At KOG Roofing we want to give you the advantages and disadvantages of metal roofs so we can help to make an educated decision about whether or not to decide on metal roofing for your home or residence.
If you are thinking about buying metal roofing for your home, it is essential to consider the advantages and disadvantages of metal against other typical roof materials, like, asphalt, wood, or tile.
Metal Roof Advantages
If a metal roof is adequately installed, your roof should last just as long as the home, sealing out water, enduring strong winds, and easily shedding snow. Metal is insusceptible to fire, mildew, insects, and rot.
Warranties vary largely, but most roofing service providers back their products for 20 to 50 years. KOG Roofing also backs our warranty on all labor for 5 years.
Because metal roof materials are noncombustible, they generally have a Class A fire rating. Just understand that component of a roof’s overall classification depends upon materials underneath the surface that could catch fire in rigorous heat. Most metal roofs that are installed over a combustible material like wood have a lower, Class C rating.
Compared to the weight of tile and asphalt roofs, metal roofing is very lightweight. As a result of the material’s lightweight, you can save money on building the reinforcing structure. As a matter of fact, if you’re building a house or building an add-on, you can often downsize or reduce the amount of roof support members.
Metal reflects heat energy from the sun, reducing heat gain. This means you as a homeowner can save on energy needed for air conditioning throughout the day. Metal roofing can be applied over foam insulation that has very high R-values. Furthermore, many systems take advantage of dead-air space between the metal and roof deck to increase energy performance.
Most metal roofing materials can possibly be installed on gently pitched roofs without leaking. The minimal roof pitch generally is 3-in-12. This means the roof rises 3 inches for each horizontal foot.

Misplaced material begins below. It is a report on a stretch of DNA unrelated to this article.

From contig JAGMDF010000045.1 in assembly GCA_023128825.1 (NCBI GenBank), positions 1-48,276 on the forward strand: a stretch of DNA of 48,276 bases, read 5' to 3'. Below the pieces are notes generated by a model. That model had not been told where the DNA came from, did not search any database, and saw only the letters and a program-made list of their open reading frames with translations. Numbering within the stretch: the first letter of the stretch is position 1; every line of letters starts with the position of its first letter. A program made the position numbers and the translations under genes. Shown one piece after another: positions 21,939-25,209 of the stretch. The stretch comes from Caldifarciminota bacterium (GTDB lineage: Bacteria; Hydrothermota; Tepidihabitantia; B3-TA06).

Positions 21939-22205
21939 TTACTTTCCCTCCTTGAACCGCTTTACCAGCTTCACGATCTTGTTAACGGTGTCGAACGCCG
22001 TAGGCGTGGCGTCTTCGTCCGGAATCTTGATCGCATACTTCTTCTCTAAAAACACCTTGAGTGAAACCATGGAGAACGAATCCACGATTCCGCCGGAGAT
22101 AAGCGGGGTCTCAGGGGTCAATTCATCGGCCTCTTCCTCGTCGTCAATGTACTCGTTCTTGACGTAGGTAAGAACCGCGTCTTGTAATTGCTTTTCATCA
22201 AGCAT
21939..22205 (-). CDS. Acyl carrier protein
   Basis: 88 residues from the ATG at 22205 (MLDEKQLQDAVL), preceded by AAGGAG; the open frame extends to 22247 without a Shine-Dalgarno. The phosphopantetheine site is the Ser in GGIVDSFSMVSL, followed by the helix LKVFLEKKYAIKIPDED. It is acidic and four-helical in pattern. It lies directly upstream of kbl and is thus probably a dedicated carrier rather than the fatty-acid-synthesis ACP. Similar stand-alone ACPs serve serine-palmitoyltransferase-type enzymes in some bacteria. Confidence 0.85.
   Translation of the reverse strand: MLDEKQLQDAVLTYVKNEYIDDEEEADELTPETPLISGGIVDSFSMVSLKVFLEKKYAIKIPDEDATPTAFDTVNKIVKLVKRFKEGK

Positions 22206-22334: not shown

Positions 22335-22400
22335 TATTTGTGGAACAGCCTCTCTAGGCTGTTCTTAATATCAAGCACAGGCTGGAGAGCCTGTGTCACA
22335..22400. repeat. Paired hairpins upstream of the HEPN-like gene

Maximum shedding of rain and snow. Metal roofing is virtually impervious to rain and snow due to the fact that of the way the panels interlock and because the surfaces are hard and slippery. Moreover, the dark color of metal roofing will quickly warm in the snow, resulting in snowmelt.
Most metal roofing materials are available in multiple-shingle segments or wide panels.
A proficient roofing contractor can install these promptly. If your roof is stripped off and a storm is on the way, shortening the process by a day or two may offer an essential advantage. Obviously, there are also substantial labor cost savings if you can alleviate and reduce the time of the roof installation.
Metal Roofing Disadvantages
Though metal roofing offers many benefits, there are a few disadvantages. Generally, metal roofing manufacturers have enhanced their products to solve many different of these concerns
Metal Roof Cost
The biggest drawback is the upfront cost. Metal roofing is comparable in cost to other premium roofing products. As a result of the material’s long-term longevity, the secret is that you will inevitably save the difference and a lot more if you stay in the house for an extensive amount of time.
Noisey Rain & Hail
Some homeowners enjoy the sound of rain tapping on a metal roof. For others, it’s like living inside a drum. In a rainstorm or hailstorm, living beneath thin sheets of metal is going to be noisier than living beneath thick slate or tile. The noise can be controlled by using materials that have structural barriers to minimize the drumming effect and by installing them over sound-deadening insulation and solid plywood.
Denting and Damage
A metal roof can dent if large hailstones fall on it. Copper and aluminum roofing, which is made from much softer than steel, are more prone to denting. However, there are some varieties of metal roofing that are guaranteed not to dent.
Possible Leaking Problems
A metal roof must be installed correctly. Roofs with exposed fasteners are particularly vulnerable to improper installation.
Expansion & Contraction
Because metal expands and contracts as it gets hot then cools down. Most new products have fastening systems that accommodate movement. Expansion and contraction on hot days can cause a wavy effect.
Metal roofing materials installed in large panels are more difficult to replace if damaged than individual shingles.